Amar Bahadur Sherma
Editor-in-Chief



LESSON FOR OUR POLITICAL FAILURES


Coincidentally, it was a Saturday when a 7.8 magnitude earthquake rocked central part of Nepal on April 25 claiming thousands of lives, hundreds of injured and some thatched roofed houses and cemented houses to rubble. After a long time’s hiatus and tremendous effort, Nepal’s 22-year long title draught came to an end after Nepal beat India, a South Asian powerhouse in football, last Saturday on penalties in an exciting final of the first Saff U-19 Championship at Anfa Complex in Satdobato.  Hearty congratulations to the players, coach, manager and those who are directly and indirectly associated with the team.

Late South African icon Nelson Mandel once said, ‘It always seems impossible until it is done.’ When Nepal took on Bhutan and Bangladesh in the league round of the championship, none had envisioned Nepal as a winner or champion of the first edition of SAFF U-19 Championship 2015. Despite it, the youth team converted impossibility into possibility by correcting their initial weaknesses and mistakes. Past is a guide for present and future.

The youth team’s skipper Bimal Gharti Magar said, ‘All of us wanted our arch-rivals India in the final to defeat. We played with determination and team spirit.’ Likewise, another prominent figure, a hero of the day, Nepali youth team’s coach, Bal Gopal Maharjan emotionally said, ‘ I want to dedicate this title to the souls of those who died in  the devastating April earthquake and the late acting  president of ANFA Lalit Krishna Shrestha who died of electrocution.’

Yes, it was neither Maharjan’s nor Magar’s team’s glory but of the whole Nepal and Nepalese. To our dismay, on the final day, only two high profile political figures K.P. Sharma Oli and Purusottam Poudel were present at the event. There were nearly 3000 spectators to cheer up and boost the morale of Nepali players. No matter what religions they followed, what parties they supported, what castes they belonged to, what walks of life they came from, what geographical belts they were from etc, their uniform slogan was ‘NEPAL’. There was a strong sense of unity. I could not resist emotional tears of glory when Nepal lifted the trophy.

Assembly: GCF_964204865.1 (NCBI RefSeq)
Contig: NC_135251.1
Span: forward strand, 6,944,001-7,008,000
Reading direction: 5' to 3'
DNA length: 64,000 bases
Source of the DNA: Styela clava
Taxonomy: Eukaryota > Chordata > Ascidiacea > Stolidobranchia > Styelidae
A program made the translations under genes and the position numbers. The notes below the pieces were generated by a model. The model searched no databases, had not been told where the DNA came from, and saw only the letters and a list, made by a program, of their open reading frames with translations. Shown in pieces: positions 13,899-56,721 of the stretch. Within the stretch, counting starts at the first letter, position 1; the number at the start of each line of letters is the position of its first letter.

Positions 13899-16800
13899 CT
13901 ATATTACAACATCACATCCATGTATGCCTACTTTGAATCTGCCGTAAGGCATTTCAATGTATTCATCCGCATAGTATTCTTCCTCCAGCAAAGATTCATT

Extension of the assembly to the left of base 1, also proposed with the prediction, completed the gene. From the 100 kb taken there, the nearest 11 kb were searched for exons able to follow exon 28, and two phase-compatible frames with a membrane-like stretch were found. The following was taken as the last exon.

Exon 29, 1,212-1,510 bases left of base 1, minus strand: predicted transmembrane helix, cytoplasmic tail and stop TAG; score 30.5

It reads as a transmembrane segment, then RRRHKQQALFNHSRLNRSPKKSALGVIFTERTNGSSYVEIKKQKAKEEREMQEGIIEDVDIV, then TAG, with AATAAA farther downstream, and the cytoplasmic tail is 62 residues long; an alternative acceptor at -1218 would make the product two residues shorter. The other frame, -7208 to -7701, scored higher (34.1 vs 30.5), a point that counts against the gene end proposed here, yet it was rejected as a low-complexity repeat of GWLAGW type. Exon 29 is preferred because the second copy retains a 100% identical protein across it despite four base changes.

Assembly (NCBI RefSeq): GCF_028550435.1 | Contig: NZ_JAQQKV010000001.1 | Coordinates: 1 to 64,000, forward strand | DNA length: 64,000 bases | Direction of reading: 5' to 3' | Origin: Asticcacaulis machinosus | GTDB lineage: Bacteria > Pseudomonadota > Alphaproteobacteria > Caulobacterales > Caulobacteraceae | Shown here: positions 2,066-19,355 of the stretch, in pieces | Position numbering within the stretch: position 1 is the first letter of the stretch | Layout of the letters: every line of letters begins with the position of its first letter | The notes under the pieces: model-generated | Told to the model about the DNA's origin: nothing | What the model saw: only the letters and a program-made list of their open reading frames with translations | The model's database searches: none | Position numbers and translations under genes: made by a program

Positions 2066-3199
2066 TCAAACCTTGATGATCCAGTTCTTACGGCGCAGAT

If our selfish politicians are really committed to their words or if they are grateful to those martyrs who lost their life in different movements, they have to work in unity, mend their past errors and materialize martyrs’ dream. Nothing is impossible if our politicians stretch out their arms to perfection with constant concentration, devotion and a sense of unity. Until and unless the finishing touch is given to the constitution writing process, the departed souls of martyrs are no longer going to rest in eternal peace.

I wonder why our politicians do not understand that the more diverse the country is, the stronger the country will be. The Nepali youth team consisted of diversification; therefore, they overcame all hurdles, challenges and difficulties. The players didn’t play for themselves or personal gain but for the nation, an economically poor Himalaya nation but culturally rich.


Srijana Rai
BEd, KMC
Koteshwor, Kathmandu